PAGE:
By Mary Jaeger
The good mathematician Archimedes, a Sicilian Greek whose machines defended Syracuse opposed to the Romans in the course of the moment Punic conflict, was once killed by means of a Roman after the town fell, but it's principally Roman assets, and Greek texts geared toward Roman audiences, that look after the tales approximately him. Archimedes' tale, Mary Jaeger argues, hence turns into a locus the place writers discover the intersection of Greek and Roman tradition, and as such it performs an immense function in Roman self-definition. Jaeger makes use of the biography of Archimedes as a hermeneutic device, delivering perception into the development of the normal ancient narrative concerning the Roman conquest of the Greek global and the Greek cultural invasion of Rome.By breaking down the narrative of Archimedes' lifestyles and analyzing how a few of the anecdotes that include it are embedded of their contexts, the publication deals clean readings of passages from either famous and less-studied authors, together with Polybius, Cicero, Livy, Vitruvius, Plutarch, Silius Italicus, Valerius Maximus, Johannes Tzetzes, and Petrarch."Jaeger, in her meticulous and chic learn of other historical debts of his existence and inventions...reveal extra approximately how the Romans thought of their conquest of the Greek global than approximately 'science'."---Helen King, occasions Literary Supplement"An completely marvelous ebook on a really unique and critical subject. As Jaeger explores overlooked texts that jointly inform an incredible tale concerning the Romans' perspectives of empire and their dating to Greek cultural accomplishments, so she has written a big new bankruptcy within the background of technological know-how. a real excitement to learn, from first web page to last."---Andrew Feldherr, affiliate Professor of Classics, Princeton University"This elegantly written and convincingly argued venture analyzes Archimedes as a automobile for reception of the Classics, as a determine for loss and restoration of cultural reminiscence, and as a metaphorical illustration of the advance of Roman id. Jaeger's fastening at the nonetheless really vague determine of the best historical mathematician as a fashion of realizing cultural liminality within the historical international is little short of a stroke of genius."---Christina S. Kraus, Professor and Chair of Classics, Yale University"Archimedes and the Roman mind's eye kinds an invaluable addition to our figuring out of Roman tradition in addition to of the reception of technological know-how in antiquity. it'll make a real contribution to the self-discipline, not just by way of its unique interpretative claims but in addition as a desirable instance of the way we may well stick to the cultural reception of old figures."---Reviel Netz, Professor of Classics, Stanford UniversityCover artwork: Benjamin West. Cicero getting to know the Tomb of Archimedes. Yale collage artwork Gallery. John Hill Morgan, B.A. 1893, LL.B. 1898, M.A. (Hon.) 1929, Fund.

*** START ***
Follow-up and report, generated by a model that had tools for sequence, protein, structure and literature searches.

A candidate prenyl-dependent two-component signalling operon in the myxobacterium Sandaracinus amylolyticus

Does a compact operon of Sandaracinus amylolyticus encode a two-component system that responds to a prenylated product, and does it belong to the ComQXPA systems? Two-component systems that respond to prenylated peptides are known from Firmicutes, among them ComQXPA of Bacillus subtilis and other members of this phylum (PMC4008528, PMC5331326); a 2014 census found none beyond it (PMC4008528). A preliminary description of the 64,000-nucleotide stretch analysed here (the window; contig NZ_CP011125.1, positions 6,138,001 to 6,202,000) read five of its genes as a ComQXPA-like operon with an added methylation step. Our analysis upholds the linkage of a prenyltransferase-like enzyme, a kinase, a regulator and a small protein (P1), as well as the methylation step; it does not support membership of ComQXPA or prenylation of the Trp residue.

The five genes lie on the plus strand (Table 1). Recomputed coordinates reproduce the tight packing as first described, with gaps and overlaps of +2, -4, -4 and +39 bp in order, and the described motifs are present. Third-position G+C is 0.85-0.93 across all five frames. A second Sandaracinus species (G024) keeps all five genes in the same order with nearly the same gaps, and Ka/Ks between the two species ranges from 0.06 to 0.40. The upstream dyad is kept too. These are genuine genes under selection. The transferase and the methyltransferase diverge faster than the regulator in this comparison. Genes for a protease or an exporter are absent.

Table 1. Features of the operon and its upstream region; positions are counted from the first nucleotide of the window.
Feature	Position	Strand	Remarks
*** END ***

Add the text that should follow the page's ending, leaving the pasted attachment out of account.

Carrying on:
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Additional resources for Archimedes and the Roman Imagination
The internal logic of the Tusculan Disputations presents compelling reasons why the speaker in the dialogue should plac e Archimedes and his death in the bac kground and bring his own image into the fore. The Rhetoric of the Anecdote Even the most casual r eader of the Tusculan Disputations will observe that Archimedes is not the central figu e in this story. After Cicero says that he will compare Dionysius’s life to that of Archimedes, he refers to Archimedes only by pronouns in the genitive, as the unnamed possessor of a tomb (Cuius .
Ego autem . . animum adverti columellam. . ego statim Syracusanis . . dixi). In fact, Cicero alone is the subject of verbs denoting inquiry; after he announces his findin s (Syracusanis . . dixi), the Syracusans join him as the subject of 38 A R C H I M E D E S A N D T H E R O M A N I M A G I N AT I O N the verb accessimus. Other details reinforce the sense of Cicero’s lively and aggressive curiosity: the title quaestor offers a weak pun, since it is derived from the verb quaerere, “to search,” which describes both Archimedes’ life of inquiry (alterius mens rationibus ag itandis exquirendisque alebatur .
12 It begins with a reference to the victors at the Olympian, Isthmian, and Nemian games. 14 Writers, says Vitruvius, “offer advantages that ar e unlimited, forever, to all peoples” (infinitas u ilitates aevo perpetuo omnibus ge ntibus praestant). The preface’s opening sentences, then, set up a ser ies of antitheses: athletes versus writers; bodies versus minds; the limited, temporary, and individual versus the unlimited, permanent, and universal. 15 Moreover, by elaborately paraphrasing the opening of Isocrates’ Panegyricus, Vitruvius conveys implicitly another set of antitheses: Greek original versus Roman rewrite (possibly as a c ounterpart to Isocrates’ antithesis of Greek versus barbarian) and thinker versus writer.
Archimedes and the Roman Imagination by Mary Jaeger